Tuesday, May 10, 2022

Book Review: Anatomy of 55 More Songs

Songs that sell the most copies become hits, but some of those hits become something more—iconic recordings that not only inspire a generation but also change the direction of music. In Anatomy of 55 More Songs, based on his column for the Wall Street Journal, music journalist and historian Marc Myers tells the story behind fifty-five rock, pop, R&B, country, and soul-gospel hits through intimate interviews with the artists who wrote and recorded them.

Part oral history, part musical analysis, Anatomy of 55 More Songs ranges from Creedence Clearwater Revival’s “Bad Moon Rising” to Dionne Warwick’s “Walk On By,” the Beach Boys’ “Good Vibrations,” and Black Sabbath’s “Paranoid.” Bernie Taupin recalls how he wrote the lyrics to Elton John’s “Rocket Man”; Joan Jett remembers channeling her rage against how she had been unfairly labeled and treated as a female rocker into “Bad Reputation”; and Ozzy Osbourne, Elvis Costello, Bob Weir, Sheryl Crow, Alice Cooper, Roberta Flack, John Mellencamp, Keith Richards, Carly Simon, and many others reveal the emotions and technique behind their major works.

Through an absorbing, chronological, song-by-song analysis of the most memorable post-war hits, Anatomy of 55 More Songs provides a sweeping look at the evolution of pop music between 1964 and today. This book will change how you listen to music and evaluate the artists who create it.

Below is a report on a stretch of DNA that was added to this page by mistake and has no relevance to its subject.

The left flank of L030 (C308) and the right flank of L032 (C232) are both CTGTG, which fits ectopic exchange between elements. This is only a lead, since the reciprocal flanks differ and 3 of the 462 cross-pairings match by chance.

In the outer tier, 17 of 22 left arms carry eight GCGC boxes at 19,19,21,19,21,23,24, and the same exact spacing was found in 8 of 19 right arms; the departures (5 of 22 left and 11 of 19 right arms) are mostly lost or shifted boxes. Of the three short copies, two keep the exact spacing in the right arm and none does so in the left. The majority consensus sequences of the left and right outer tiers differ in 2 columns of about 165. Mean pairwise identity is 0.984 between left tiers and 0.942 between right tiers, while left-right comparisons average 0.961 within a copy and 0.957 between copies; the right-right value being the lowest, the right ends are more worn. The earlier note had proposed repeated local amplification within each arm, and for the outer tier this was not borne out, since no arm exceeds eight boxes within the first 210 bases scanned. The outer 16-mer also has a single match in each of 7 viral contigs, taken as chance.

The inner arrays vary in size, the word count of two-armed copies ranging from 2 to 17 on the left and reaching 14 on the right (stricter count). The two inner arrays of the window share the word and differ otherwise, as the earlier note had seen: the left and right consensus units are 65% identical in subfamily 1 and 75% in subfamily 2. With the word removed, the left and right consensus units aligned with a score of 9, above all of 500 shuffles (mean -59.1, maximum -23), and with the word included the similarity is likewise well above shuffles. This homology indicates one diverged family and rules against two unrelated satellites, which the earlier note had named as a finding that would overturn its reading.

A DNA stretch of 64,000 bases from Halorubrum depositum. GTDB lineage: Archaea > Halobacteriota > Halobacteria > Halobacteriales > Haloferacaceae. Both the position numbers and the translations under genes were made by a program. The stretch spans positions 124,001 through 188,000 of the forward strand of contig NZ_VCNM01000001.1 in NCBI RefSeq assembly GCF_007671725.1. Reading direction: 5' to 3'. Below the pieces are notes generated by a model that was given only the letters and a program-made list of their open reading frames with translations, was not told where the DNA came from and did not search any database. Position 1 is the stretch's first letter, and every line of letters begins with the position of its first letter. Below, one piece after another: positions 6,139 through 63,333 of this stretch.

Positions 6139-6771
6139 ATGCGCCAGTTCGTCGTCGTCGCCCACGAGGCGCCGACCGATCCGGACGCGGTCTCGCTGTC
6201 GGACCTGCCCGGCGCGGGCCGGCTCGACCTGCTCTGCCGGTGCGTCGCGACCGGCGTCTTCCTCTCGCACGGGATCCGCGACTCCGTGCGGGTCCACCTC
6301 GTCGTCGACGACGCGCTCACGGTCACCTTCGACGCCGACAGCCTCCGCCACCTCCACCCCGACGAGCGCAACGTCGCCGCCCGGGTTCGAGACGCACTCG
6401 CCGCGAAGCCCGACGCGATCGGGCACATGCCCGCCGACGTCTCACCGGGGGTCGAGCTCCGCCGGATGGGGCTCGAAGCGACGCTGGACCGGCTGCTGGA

This sequel to Myers' 2106 Anatomy of a Song will be released on December 6, 2022. The publisher Grove Atlantic provided me an early galley in exchange for an honest review.

I first became familiar with Myers' work when he would come on to the Sirius XM music-talk channel Volume and its morning show Feedback. There, he would spend an hour going over his latest column with hosts Nik Carter and Lori Majewski, supplementing the pieces with music clips and more. I found I really enjoyed his in-depth analysis of these pop and rock classics.

I was born in the mid-60's and grew up on first AM radio and then FM too. As such, so many of the songs that are discussed in this collection are part of the musical tapestry that make up the soundtrack of my life. They are ingrained in my psyche and memories; I know every beat, every note, every lyric. What I enjoyed about this book is that now, through Myers' interviews, I could learn the stories behind the making of each of these fifty-five songs.

Hearing the stories from the writers and artists is important to me. Too often of late the news comes with the passing of another music industry legend. This collection of articles by Myers really captures those moments while the creators are still here to tell us about them.

If you're a music fanatic like myself, this is definitely one that you will want to check out. Each chapter is a digestible segment in and among itself. Together, they create a larger study of the musical landscape from the 60's through the 90's.

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